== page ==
The Engelbart Mouse sounds like a rodent species named after a zoologist. But it’s actually named after the inventor of one of the most widespread computer accessories: the mouse.
What is the Engelbart Mouse?
Douglas Engelbart was an American inventor who started working on the concept back in 1963 together with his partner William English. The concept of computer work stations as a tool for solving problems was still a relatively new concept at the time. In order to optimize the work process, users needed a device to move a cursor around the screen.
Engelbart and English developed the first prototype of their device in 1964. It consisted of two metal discs encased in a wooden shell with a button on top. It enabled the user to move the cursor around the computer screen and draw both vertical and horizontal lines.
The original device was described as an “X-Y position indicator for a display system”, which isn’t nearly as catchy as a ”mouse”.
The nickname came about because the device had to be connected to the computer via a chord. The chord originally stuck out the front of the device but was later moved to the back to make it more practical. Since it resembled a mouse, the device was nicknamed as such.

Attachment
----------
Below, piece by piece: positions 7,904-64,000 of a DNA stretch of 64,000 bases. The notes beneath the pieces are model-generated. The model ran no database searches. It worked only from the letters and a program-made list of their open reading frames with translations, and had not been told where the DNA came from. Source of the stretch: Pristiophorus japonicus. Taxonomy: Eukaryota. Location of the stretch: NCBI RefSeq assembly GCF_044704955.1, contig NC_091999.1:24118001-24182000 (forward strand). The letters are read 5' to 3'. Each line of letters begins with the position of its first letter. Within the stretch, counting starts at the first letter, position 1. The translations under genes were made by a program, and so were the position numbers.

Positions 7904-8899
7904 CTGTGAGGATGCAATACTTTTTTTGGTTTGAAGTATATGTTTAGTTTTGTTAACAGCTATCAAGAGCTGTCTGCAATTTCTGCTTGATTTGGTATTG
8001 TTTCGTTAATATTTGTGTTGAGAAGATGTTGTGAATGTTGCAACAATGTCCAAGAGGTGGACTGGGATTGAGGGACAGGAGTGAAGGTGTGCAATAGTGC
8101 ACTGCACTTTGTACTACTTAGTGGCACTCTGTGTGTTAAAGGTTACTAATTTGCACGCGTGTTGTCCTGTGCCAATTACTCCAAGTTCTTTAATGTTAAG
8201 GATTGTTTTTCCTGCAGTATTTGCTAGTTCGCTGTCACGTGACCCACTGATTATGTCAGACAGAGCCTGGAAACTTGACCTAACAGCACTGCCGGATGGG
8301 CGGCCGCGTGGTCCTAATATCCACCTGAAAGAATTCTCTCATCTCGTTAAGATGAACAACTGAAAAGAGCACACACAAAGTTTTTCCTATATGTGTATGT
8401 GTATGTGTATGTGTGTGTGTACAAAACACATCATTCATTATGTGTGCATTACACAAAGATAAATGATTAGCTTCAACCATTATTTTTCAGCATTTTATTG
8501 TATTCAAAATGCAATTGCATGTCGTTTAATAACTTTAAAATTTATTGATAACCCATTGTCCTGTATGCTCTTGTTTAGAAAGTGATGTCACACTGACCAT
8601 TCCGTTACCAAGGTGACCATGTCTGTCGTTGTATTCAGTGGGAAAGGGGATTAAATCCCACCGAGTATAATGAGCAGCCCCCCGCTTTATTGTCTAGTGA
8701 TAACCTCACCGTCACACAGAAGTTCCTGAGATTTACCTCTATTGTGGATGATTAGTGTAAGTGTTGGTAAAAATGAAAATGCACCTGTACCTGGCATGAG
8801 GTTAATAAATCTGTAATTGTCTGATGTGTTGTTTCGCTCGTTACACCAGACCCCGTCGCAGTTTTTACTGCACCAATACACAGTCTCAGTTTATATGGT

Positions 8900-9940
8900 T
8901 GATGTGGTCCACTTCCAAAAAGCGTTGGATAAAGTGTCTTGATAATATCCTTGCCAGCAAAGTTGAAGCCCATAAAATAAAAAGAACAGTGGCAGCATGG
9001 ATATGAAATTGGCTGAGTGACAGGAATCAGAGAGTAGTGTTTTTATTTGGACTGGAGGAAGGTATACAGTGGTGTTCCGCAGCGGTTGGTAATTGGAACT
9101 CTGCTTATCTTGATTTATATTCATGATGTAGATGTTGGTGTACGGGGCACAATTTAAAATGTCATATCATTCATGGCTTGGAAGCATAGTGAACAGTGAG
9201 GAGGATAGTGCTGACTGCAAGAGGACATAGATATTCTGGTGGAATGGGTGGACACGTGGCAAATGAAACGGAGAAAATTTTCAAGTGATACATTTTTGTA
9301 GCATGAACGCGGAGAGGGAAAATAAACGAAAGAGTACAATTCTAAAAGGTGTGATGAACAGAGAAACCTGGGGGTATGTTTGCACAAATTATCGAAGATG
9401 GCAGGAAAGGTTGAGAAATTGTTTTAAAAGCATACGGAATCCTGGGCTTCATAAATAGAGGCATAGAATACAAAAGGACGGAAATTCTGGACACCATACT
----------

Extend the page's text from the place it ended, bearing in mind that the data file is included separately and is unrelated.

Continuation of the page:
Features and Benefits of the Engelbart Mouse
There were already a few devices available to move cursors around, including joysticks and light pens. Engelbart, however, wanted to find out which of these devices was the most efficient one to get the job done.
So in 1966, he contacted NASA to organize a test to find out. They created a series of tasks and asked volunteers to perform them using the different devices, including the mouse. The tasks were timed, and the findings were clear: the mouse outperformed the other devices by far. One year later, Engelbart applied for a patent but didn’t get it until 1970 because it relied on computer software — and patents weren’t granted for software at the time.
Engelbart and English continued to develop their workstations, however, and that same year they produced the first complete workstation: screen, mouse, and keyboard. It was at this time the casing was made out of plastic, and the chord was moved back to the front of the mouse.
In 1968, the world finally got to see the mouse, along with the rest of the work station in what became known as The Mother of All Demos. Here, Engelbart showcased not only the mouse, but also word processing, emails, teleconferencing, and hypermedia.
The Legacy of the Engelbart Mouse
Interestingly, Engelbart never received a dime for his invention. He received the patent while working for SRI, who licensed it to Apple for $40,000. Although it’s a shame, Englebert already had over 45 patents to his name by the time the mouse was ready.
Engelbart’s invention is still used today, although the cordless mouse was already on the market in 1984. And although Apple has since introduced the tracking pad to laptop users, the mouse is still seen anywhere people are solving problems on workstations. It’s unlikely that it will disappear from our offices and homes anytime soon.
Image courtesy of scihi.org.